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Julia is a high-level programming language that can be used for many different things. It’s good for numerical analysis and computer science because of how it works.
Julia’s design is unique because it has a type system with parametric polymorphism in a dynamic programming language, and its main programming paradigm is multiple dispatches. Julia supports concurrent (composable), parallel, and distributed computing (with or without MPI or the built-in “OpenMP-style” threads) and direct calls to C and Fortran libraries without glue code. The Julia community calls Julia’s just-in-time (JIT) compiler “just-ahead-of-time” (JAOT) because Julia compiles all code to machine code before running it.
Julia automatically gets rid of garbage, uses eager evaluation, and has fast libraries for floating-point calculations, linear algebra, making random numbers, and matching regular expressions. There are many libraries to choose from, including some (like fast Fourier transforms) that used to be part of Julia but are now separate.
Integrated development environments, such as Microsoft’s Visual Studio Code, have an extension that helps with debugging and linting. Julia also has built-in tools such as a profiler (with support for flame graphs for the built-in one), a debugger, and the Debugger. jl package, which “supports repeated-execution debugging” [a] and more.
With a package that supports all of Julia’s features, it can be turned into a binary executable. Using a different package, you can also make small binary executables, but then the Julia runtime isn’t included in the executable, e.g., down to 9 KB (then without, for example, the garbage collector, which is part of Julia’s runtime, so with limited capabilities like the C language), for computers or even microcontrollers with 2 KB of RAM. By default, Julia code needs the Julia runtime to support all Julia features, such as threading. However, some Julia code that is not idiomatic can be compiled into small executables with limited Julia capabilities. In either case, there is no need to share the source code.
Since 2014, the Julia community has put on an annual conference for developers and users called Julia Conference. The first JuliaCon was in Chicago, and it was the start of the conference happening every year. Since 2014, the conference has been held at MIT, the University of Maryland, Baltimore, and other places. During JuliaCon 2020, which was held online, the number of people who came to the event grew from a few dozen to more than 28,900. JuliaCon 2021 also took place online, and professors William Kahan, Jan Vitek, Xiaoye Sherry Li, and Soumith Chintala gave keynote talks. Kahan is the main architect of the IEEE 754 floating-point standard, which is talked about in his keynote and is used by almost all CPUs and languages, including Julia (the co-creator of PyTorch). JuliaCon grew to have more than 300 presentations and 43,000 people attend (still freely accessible, plus older years). Between July 27 and July 29, 2022, Juliacon will also be held online for the first time in languages other than English. This will happen between July 27 and July 29.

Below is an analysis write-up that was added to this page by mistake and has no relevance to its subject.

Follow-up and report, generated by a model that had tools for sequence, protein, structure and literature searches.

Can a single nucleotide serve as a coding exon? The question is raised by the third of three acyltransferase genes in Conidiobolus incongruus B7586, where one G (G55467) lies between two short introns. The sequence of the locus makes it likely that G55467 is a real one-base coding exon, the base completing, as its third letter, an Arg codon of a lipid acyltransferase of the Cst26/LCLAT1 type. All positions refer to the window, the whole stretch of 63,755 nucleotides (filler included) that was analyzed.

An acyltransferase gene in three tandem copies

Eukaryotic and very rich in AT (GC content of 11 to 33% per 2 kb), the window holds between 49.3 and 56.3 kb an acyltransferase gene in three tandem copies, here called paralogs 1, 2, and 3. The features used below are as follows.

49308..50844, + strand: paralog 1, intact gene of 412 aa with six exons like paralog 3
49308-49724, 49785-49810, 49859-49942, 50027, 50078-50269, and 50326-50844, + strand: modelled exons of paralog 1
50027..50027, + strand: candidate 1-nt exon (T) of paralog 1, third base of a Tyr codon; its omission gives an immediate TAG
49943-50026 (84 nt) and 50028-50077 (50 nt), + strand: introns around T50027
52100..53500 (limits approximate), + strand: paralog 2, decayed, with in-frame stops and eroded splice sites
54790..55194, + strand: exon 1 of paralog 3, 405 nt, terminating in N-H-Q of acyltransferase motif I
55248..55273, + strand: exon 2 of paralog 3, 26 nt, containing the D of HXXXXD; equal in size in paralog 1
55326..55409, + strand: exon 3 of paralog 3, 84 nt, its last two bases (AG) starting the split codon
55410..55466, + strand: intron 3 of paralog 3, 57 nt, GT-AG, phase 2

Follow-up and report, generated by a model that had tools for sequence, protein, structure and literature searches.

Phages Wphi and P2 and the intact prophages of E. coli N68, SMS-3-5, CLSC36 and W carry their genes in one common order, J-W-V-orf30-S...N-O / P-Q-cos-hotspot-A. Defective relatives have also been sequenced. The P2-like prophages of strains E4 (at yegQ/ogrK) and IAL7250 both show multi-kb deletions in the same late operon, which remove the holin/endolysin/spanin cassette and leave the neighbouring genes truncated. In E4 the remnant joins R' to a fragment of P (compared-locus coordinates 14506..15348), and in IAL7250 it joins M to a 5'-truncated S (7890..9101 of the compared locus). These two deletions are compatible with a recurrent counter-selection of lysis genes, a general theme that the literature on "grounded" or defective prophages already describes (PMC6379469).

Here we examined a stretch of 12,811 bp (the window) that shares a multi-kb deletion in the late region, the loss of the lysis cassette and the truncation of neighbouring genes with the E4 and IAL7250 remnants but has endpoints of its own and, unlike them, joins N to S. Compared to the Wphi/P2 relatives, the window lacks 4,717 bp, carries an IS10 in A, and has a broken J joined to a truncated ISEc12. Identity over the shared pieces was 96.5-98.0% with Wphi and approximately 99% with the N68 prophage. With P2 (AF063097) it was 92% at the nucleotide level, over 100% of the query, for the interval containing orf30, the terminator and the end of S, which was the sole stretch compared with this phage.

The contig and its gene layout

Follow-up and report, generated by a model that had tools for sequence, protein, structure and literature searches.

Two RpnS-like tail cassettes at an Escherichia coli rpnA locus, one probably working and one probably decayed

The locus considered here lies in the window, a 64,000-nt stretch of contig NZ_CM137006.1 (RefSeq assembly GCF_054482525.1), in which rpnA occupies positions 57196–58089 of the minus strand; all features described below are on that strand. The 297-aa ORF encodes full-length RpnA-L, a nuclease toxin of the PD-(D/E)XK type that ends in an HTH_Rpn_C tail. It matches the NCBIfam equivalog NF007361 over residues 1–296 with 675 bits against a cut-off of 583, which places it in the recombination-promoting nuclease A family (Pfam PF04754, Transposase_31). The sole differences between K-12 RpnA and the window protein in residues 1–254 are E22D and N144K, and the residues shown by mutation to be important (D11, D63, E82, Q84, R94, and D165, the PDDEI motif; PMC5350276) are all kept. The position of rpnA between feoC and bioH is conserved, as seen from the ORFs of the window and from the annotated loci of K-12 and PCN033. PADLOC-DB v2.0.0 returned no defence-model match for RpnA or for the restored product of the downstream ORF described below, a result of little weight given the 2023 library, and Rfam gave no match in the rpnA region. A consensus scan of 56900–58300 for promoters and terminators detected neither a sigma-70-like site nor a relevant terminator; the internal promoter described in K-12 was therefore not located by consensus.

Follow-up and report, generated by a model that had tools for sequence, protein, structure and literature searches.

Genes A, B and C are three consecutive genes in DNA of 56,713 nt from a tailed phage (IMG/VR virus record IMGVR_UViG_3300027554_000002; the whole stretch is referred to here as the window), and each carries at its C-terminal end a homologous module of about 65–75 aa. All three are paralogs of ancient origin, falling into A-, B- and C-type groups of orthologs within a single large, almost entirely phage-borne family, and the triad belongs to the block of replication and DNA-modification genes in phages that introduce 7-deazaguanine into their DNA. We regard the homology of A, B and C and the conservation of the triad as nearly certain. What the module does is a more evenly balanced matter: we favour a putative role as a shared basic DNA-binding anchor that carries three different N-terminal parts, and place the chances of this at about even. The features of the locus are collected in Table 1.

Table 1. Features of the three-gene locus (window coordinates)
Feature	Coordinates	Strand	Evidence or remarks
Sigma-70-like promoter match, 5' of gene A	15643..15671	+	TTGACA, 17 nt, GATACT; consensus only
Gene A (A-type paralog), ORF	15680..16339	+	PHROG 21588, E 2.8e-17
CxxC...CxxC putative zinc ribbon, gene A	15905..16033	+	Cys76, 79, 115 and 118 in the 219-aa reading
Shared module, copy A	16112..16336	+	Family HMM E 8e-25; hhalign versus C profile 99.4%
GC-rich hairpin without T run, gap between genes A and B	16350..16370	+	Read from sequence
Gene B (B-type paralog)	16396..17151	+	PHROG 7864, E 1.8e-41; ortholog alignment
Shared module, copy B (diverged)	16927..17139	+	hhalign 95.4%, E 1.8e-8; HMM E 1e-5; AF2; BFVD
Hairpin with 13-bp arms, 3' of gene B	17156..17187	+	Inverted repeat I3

In 2014, NumFOCUS took on the Julia language as a fiscally sponsored project to make sure the project would last for a long time. In its early days, Jeremy Kepner at MIT Lincoln Laboratory was the project’s first sponsor. A lot of money has also come from the Gordon and Betty Moore Foundation, the Alfred P. Sloan Foundation, Intel, and agencies like the NSF, DARPA, NIH, NASA, and FAA. Mozilla, the company that makes the Firefox web browser, gave a research grant for the first half of 2019 to pay for “a member of the official Julia team” to work on the “Bringing Julia to the Browser” project. This means that Julia will be added to Firefox and other web browsers. People on GitHub also donate money to help the Julia language.
In 2015, Viral B. Shah, Deepak Vinchhi, Alan Edelman, Jeff Bezanson, Stefan Karpinski, and Keno Fischer started Julia Computing, Inc., which later became JuliaHub, Inc.
In June 2017, General Catalyst and Founder Collective gave Julia Computing US $4.6 million in seed funding. In the same month, the Alfred P. Sloan Foundation gave Julia Computing $910,000 to support open-source Julia development, including $160,000 to promote diversity in the Julia community. In December 2019, the US government gave Julia Computing $1.1 million to “develop a neural component machine learning tool to reduce the total energy consumption of heating.” In July 2021, Julia Computing said that they had raised $24 million in a Series A round. The round was led by Dorilton Ventures, which also owns the Formula 1 team Williams Racing. The Commercial Director of Williams said: “Dorilton’s strategy is to invest in companies that are building the best cloud technology, and Julia’s platform, with its revolutionary capabilities in simulation and modeling, is very important to our business. We’re excited to put Julia Computing into the sport with the most advanced technology in the world “.
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